In case these legal arguments were not persuasive enough, the ordinance cited an obscure 1978 quote from President Jimmy Carter, when he reminded the national legal community that 90 percent of American lawyers served 10 percent of Americans. Unclear is how this oddly placed quote from a President uttered three decades ago strengthens the argument to expand Sixth Amendment protections to tenants. READ THE ORDINANCE HERE...
Apples to apples?
At any rate, while the two measures seem to be redundant, the difference is in how comprehensive each idea would be. Under the proposed ballot initiative, the City and County of San Francisco would establish, run and fully fund a program of legal representation for all tenants when they are faced with legal proceedings to evict them from their residence. Legal counsel would be available thirty days after service of an eviction notice.
The Board of Supervisors tailors representation more narrowly – under the city’s plan, only low-income people that cannot afford a lawyer would be entitled to legal representation. If the tenant is the subject of a “just cause” eviction for failure to pay rent or other lease violations, they will go it alone – the city’s plan only applies to “no fault” eviction cases.
With overwhelming support for some iteration of a tenant's right to legal representation, it is likely that free counsel will be afforded to tenants in some form or fashion, but there should be a rigorous means test. Indigent criminal defendants must in fact be unable to afford an attorney, and so in a choice between the lesser of two evils, we side with the city's more tempered plan to provide legal representation only to those tenants that genuinely cannot fend for themselves. We hope that any eventual program scrutinizes the income of the legal aid recipient to ensure that there no one is taking advantage of the system.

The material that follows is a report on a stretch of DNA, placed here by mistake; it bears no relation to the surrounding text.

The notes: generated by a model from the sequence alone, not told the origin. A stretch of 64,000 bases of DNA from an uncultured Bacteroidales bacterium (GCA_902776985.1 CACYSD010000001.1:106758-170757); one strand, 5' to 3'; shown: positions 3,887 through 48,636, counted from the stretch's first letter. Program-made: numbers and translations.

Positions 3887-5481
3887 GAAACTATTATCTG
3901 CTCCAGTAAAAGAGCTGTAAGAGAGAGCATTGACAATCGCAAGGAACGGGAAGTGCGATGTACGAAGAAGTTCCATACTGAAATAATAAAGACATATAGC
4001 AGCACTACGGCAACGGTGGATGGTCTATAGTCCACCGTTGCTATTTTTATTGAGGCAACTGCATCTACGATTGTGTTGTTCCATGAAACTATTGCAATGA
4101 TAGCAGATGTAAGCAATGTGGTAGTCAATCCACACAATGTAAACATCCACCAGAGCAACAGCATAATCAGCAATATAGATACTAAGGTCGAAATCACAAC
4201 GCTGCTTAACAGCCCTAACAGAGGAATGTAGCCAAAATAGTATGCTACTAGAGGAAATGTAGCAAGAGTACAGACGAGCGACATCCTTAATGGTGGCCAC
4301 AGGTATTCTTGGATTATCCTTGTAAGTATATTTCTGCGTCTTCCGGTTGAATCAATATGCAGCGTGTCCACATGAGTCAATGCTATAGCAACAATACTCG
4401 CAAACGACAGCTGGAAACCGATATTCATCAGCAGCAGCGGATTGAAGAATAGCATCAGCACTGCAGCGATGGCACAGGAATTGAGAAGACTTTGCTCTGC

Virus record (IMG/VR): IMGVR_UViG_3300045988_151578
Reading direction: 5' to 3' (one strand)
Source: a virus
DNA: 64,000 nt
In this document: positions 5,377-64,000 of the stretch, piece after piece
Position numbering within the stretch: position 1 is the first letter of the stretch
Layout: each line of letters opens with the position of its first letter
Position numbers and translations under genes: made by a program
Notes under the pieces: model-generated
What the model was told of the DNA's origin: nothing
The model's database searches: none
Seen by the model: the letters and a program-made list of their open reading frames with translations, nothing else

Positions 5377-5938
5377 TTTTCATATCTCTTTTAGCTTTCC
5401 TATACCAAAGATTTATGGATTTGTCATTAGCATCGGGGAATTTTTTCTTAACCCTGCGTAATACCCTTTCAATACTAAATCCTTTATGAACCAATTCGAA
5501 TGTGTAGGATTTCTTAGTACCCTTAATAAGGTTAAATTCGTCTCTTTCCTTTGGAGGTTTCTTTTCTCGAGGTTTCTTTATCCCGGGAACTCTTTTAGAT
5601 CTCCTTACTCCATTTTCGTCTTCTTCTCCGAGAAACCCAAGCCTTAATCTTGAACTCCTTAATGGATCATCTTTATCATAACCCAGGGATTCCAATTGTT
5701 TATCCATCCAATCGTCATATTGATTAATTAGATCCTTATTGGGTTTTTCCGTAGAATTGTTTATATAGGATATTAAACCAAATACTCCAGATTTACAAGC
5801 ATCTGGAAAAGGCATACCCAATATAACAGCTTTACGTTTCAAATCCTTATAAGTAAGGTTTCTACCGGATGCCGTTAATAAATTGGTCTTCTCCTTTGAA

We find it objectionable that the discussion is framed in a "David versus Goliath" narrative. It is presumed that the tenant is helpless, while the landlord has vast resources at their disposal. In fact, many landlords are on fixed incomes and do not have the means to pay for an attorney. This is all the more true when the underlying cause of the eviction proceeding is the failure to pay rent. Should the housing industry band together to afford free legal representation to landlords, as well? We don't see much distinction. Both the tenant and landlord have interests, and it appears that tenant interests have been prioritized over that of the property owner's.
At Bornstein Law, our resolve is unchanged
Landlords may soon be greeted in court by tenant attorneys. These attorneys often have clever defenses they raise to stop or at least postpone unlawful detainer actions, such as improper notice, neglected repairs and the like. This makes it imperative to hire a landlord lawyer that can ensure all of the I’s are dotted and the T’s are crossed in managing a failed tenant relationship.
If you encounter friction within your rental unit, it is always prudent to contact an attorney and now, it seems the stakes just got ratcheted up.